A few people have asked about why I’m being so straight forward about regarding some of the issues I’ve gone through recently, so I wanted to address those.
It’s a popular notion that many things are too personal to discuss. Two of the biggest categories in my opinion that are kept quiet are ongoing/chronic illnesses and abuse.
On the illness side, I talk about it because I had no one to reference growing up. If I can help just one family or one person deal with this illness, then I’ll consider this blog and the crud I go through worth it. Some of my favorite people in all of time and space are those I’ve met because they were brave enough to discuss their illnesses. As I said in my last post, I hate this disease and the others it brought along, but I love the people I know because of it (side note: did you see the new page all about resources like other bloggers? Check it out here).
I figure I’ve written about my sex life. You guys know enough about me that I also feel comfortable sharing my journey coming to terms with the abusive household in which I was raised. There was a point in time where I was ashamed or confused about a lot of it. I held it in and that contributed to how ill I felt. Now that I’m getting things out in the open, I feel better physically and mentally.
I also figure that many more people grow up in abusive situations than they realize. I had inklings, but never had equated my experiences with abuse until a friend asked me questions and led me to answers. I finally have peace in my heart and my mind. If I can bring that or the feeling that you’re not alone, not the messed up one, to anyone else, then I will be happy.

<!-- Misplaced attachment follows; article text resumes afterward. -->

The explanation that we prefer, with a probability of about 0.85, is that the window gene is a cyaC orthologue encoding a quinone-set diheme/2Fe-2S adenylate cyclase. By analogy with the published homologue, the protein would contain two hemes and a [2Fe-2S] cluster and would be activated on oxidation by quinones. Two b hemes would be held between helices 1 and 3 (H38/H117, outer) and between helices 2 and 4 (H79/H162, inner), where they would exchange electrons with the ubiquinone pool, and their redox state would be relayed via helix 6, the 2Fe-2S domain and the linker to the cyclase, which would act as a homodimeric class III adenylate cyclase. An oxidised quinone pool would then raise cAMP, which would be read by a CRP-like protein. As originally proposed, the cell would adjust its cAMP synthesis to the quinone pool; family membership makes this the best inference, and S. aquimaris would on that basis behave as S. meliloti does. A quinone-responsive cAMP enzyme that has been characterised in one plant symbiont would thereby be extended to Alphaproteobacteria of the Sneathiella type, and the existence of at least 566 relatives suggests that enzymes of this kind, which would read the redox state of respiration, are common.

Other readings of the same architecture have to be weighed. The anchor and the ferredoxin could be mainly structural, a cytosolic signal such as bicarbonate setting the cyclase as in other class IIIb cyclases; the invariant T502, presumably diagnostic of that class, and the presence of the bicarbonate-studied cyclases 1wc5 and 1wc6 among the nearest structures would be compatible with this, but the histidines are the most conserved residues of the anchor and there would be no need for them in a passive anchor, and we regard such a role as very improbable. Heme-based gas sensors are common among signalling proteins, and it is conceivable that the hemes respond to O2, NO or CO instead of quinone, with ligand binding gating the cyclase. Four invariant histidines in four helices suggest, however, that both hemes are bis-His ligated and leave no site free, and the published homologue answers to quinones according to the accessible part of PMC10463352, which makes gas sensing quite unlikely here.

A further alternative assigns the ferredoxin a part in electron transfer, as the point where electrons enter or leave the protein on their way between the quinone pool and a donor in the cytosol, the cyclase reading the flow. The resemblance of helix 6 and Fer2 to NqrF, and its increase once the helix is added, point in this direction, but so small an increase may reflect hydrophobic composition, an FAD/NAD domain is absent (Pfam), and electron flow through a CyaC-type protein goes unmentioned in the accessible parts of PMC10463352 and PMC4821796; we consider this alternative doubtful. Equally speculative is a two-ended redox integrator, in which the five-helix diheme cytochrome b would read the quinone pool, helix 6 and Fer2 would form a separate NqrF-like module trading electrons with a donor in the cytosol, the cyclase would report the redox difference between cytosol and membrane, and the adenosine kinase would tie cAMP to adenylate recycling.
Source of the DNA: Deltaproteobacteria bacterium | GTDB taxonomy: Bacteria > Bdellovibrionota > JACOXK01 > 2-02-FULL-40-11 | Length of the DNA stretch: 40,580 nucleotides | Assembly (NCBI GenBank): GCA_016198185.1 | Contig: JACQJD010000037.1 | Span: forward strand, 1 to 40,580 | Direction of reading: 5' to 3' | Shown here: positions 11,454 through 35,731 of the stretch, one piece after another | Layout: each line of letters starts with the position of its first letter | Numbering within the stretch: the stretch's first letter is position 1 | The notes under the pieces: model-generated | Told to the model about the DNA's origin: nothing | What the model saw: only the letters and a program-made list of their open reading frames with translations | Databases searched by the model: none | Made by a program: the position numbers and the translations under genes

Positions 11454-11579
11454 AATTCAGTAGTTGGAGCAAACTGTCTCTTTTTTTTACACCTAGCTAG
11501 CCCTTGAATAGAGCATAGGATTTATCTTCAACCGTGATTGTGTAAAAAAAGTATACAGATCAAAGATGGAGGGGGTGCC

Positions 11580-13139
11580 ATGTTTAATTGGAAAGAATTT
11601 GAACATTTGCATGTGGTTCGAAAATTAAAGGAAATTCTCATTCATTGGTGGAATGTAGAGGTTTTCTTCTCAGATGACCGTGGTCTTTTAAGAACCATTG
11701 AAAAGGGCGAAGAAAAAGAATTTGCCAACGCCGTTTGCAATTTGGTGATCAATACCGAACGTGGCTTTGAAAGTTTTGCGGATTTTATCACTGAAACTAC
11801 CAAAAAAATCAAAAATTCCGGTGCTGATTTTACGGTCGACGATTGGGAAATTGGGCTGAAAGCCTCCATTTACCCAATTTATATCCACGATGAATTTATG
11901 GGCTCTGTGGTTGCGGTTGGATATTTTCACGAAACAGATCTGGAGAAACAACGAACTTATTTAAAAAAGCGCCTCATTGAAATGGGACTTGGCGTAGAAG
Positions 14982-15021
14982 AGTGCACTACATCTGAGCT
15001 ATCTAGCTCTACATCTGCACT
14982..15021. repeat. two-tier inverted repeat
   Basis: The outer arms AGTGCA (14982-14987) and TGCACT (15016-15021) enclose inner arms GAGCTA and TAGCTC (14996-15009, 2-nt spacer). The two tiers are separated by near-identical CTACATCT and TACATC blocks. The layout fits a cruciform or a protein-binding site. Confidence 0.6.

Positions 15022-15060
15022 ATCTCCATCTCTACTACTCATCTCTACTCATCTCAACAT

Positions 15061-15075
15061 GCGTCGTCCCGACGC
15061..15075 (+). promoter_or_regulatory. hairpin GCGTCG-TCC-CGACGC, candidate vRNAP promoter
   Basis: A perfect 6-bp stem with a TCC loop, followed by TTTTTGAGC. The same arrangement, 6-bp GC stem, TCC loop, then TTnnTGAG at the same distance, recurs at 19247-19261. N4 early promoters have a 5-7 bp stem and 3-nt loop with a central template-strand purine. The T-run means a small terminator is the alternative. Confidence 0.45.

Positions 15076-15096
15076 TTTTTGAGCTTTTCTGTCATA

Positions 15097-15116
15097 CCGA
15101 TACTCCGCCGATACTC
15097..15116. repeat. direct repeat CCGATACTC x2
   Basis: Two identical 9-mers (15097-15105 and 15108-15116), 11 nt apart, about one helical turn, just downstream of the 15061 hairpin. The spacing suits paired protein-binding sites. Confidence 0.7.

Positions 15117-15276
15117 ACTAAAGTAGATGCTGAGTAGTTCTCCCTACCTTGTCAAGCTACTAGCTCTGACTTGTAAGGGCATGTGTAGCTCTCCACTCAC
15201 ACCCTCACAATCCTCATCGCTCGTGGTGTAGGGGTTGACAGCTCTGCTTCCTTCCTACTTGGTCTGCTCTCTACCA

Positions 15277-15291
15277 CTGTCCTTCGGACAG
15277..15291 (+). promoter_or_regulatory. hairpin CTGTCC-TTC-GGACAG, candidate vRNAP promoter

I think interestingly enough that these two issues I have talked about more recently both are due to society’s love of blaming the victim. Those of us with invisible illnesses are often met with phrases of passive aggressive judgment on how we handle our illnesses. We’re told yoga or going paleo will cure us by people with no information, no handle on what we go through. It is made to seem that we either caused our illness – like smokers getting lung cancer (which is another story, because that’s not the only contributing factor) – or we don’t do anything to get ourselves better. Neither of those are fair judgments to pass on people, because we have no idea what they’re going through or have gone through. You see the same thing in abuse or assault situations – the girl could’ve said no or the kid could’ve told a teacher. These phrases release the real culprit of any blame, and instead turn it to the victim who internalizes this message and tries to do everything to not cause waves. You don’t want to excel in school, but you also know failure isn’t an option because you’ll be ridiculed or worse. You do just enough to pass through things, not shining but not failing either. There are some, like me as a high schooler, who throw everything into academics or other activities as a means of escape.
I’ve recently been berated for sharing what’s happened from a couple of people as well. It seems that secrets are treasured in ‘families’ and we should be quiet about things that have transpired. That kind of thinking just perpetuates abuse, and makes it okay for us to ignore. If you don’t like what I have to say, then don’t listen.
I refuse to stop sharing things that will help other people while helping me heal. I refuse to stop talking about self care, self love, and self worth. I refuse to keep the majority of my life a secret. I don’t care if the world knows what my secrets are, because I will always continue to be true to myself and my loved ones.